Interview with Mark Spybey of Dead Voices on Air conducted by James Graham via e-mail, July 1996

James: Just who is Mark Spybey anyway?

Mark: Well, I am certainly not esteemed. That makes me feel like a High Court Judge. Somebody else should answer this question. I'll ask my friend Sheldon. Better still, e-mail him. Ask Sheldon this question..

James: so I mailed Sheldon Drake, and got this in response to the question "Who is Mark Spybey anyway?"

Sheldon: well, that's silly, he could only have been fishing for compliments if he referred you to me, I should turn it back on him.

I've been curious about Dead Voices on Air since I heard "Vuls" on the Ambient Rituals compilation; I saw a post about a show they were doing in Canada, and eventually got his e-mall address from the guy who posted the info. We started e-mailing, and hit it off quite well.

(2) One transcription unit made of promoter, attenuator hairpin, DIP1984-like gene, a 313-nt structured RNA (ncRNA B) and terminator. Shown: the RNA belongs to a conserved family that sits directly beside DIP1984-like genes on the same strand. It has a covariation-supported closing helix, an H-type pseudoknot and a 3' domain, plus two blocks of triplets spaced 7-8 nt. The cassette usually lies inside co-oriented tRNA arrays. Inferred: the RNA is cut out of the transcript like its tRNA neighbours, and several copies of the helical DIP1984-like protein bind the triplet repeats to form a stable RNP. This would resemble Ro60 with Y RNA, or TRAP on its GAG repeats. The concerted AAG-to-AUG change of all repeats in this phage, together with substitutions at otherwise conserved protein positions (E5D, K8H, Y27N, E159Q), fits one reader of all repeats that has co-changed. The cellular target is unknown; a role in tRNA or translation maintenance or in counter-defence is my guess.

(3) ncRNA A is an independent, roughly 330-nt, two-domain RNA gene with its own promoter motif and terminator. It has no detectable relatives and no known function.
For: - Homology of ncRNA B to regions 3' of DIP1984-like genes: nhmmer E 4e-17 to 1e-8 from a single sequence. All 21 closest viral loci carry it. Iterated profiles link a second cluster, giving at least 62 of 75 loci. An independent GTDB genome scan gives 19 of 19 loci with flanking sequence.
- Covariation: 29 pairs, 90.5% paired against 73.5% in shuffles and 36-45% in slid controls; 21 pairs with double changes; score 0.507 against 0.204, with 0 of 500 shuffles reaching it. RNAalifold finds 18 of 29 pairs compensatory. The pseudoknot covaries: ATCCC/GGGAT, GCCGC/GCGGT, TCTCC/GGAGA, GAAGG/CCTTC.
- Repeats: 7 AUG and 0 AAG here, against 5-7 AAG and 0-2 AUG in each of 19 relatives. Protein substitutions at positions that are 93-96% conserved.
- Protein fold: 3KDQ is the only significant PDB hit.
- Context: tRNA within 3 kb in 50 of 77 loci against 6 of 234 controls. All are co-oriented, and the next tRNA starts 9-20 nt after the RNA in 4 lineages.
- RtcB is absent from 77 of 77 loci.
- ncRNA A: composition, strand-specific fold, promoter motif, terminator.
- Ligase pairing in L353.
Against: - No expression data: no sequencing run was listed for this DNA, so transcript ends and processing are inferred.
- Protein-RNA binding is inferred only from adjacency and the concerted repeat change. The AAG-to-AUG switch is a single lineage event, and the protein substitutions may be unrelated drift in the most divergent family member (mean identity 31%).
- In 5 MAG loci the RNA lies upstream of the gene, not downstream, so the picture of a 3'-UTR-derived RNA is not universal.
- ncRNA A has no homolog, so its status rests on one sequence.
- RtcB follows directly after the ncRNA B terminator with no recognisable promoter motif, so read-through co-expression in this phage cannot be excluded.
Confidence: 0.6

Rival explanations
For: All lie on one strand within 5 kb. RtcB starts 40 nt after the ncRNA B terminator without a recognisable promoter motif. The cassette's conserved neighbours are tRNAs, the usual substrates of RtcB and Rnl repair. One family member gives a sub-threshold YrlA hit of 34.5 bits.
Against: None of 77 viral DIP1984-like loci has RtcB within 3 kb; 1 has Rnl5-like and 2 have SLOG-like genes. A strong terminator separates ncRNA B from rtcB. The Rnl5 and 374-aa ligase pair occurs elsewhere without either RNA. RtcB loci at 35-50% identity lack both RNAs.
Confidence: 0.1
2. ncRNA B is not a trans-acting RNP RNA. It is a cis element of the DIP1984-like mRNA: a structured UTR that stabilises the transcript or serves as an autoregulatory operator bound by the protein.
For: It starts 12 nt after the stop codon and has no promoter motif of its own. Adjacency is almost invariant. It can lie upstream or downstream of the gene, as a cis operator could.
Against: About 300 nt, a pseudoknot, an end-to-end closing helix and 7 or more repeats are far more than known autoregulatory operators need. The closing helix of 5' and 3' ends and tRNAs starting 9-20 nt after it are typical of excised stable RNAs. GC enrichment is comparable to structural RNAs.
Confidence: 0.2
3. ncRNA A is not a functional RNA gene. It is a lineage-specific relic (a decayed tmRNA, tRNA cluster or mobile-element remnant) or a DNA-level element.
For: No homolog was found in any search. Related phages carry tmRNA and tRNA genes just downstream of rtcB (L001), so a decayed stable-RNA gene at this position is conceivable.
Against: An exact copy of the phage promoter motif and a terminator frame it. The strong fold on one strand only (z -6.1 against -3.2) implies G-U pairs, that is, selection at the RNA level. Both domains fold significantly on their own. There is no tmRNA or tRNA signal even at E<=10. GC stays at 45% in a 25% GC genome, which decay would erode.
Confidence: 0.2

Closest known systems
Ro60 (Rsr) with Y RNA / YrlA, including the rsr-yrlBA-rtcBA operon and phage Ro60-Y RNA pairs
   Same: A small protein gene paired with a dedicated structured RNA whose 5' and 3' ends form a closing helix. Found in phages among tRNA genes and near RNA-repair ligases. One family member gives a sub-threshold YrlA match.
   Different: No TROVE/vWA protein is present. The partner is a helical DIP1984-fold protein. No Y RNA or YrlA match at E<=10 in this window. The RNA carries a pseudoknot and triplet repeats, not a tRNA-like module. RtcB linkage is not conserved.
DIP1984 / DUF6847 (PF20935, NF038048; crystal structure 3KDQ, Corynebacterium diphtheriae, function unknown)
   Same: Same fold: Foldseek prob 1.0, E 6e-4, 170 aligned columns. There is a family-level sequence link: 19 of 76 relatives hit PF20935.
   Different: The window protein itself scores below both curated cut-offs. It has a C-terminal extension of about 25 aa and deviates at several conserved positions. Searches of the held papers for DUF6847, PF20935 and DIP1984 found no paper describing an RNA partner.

The first thing to know about Mark is that he doesn't do drugs (except beer), not even pot, which I find inexplicable.

You always crave being able to bring something back, some material violation of the dulled realm you return to, and you almost never can. DVoA's stuff comes damn close, but he doesn't do any of those substances, so you go figure. That tells you a huge amount about him right there, ok?

He's a strange combination, at once incredibly civilized and considerate, lovely social skills, but perfectly likely to let his eyes take on a madman's glaze at a moment's notice, he doesn't seem to be self-conscious about Going Insane for the sake of a quick joke or illustration. One minute he's walking along talking peaceably, the next he's howling too convincingly. Me, I find this all very comforting; I'm too self-conscious to be quite that supple (or civilized), but he sure is quite a welcome influence. Perhaps it's from the lack of drugs; those of us who use them have as our task bridging the vast chasm between what we learn there and what we have to sit through (or worse) here on this plane; maybe his plane is continuous, and he has no such gaping maw to slag in; if so I'm jealous, but attentively so. I wish we lived closer together.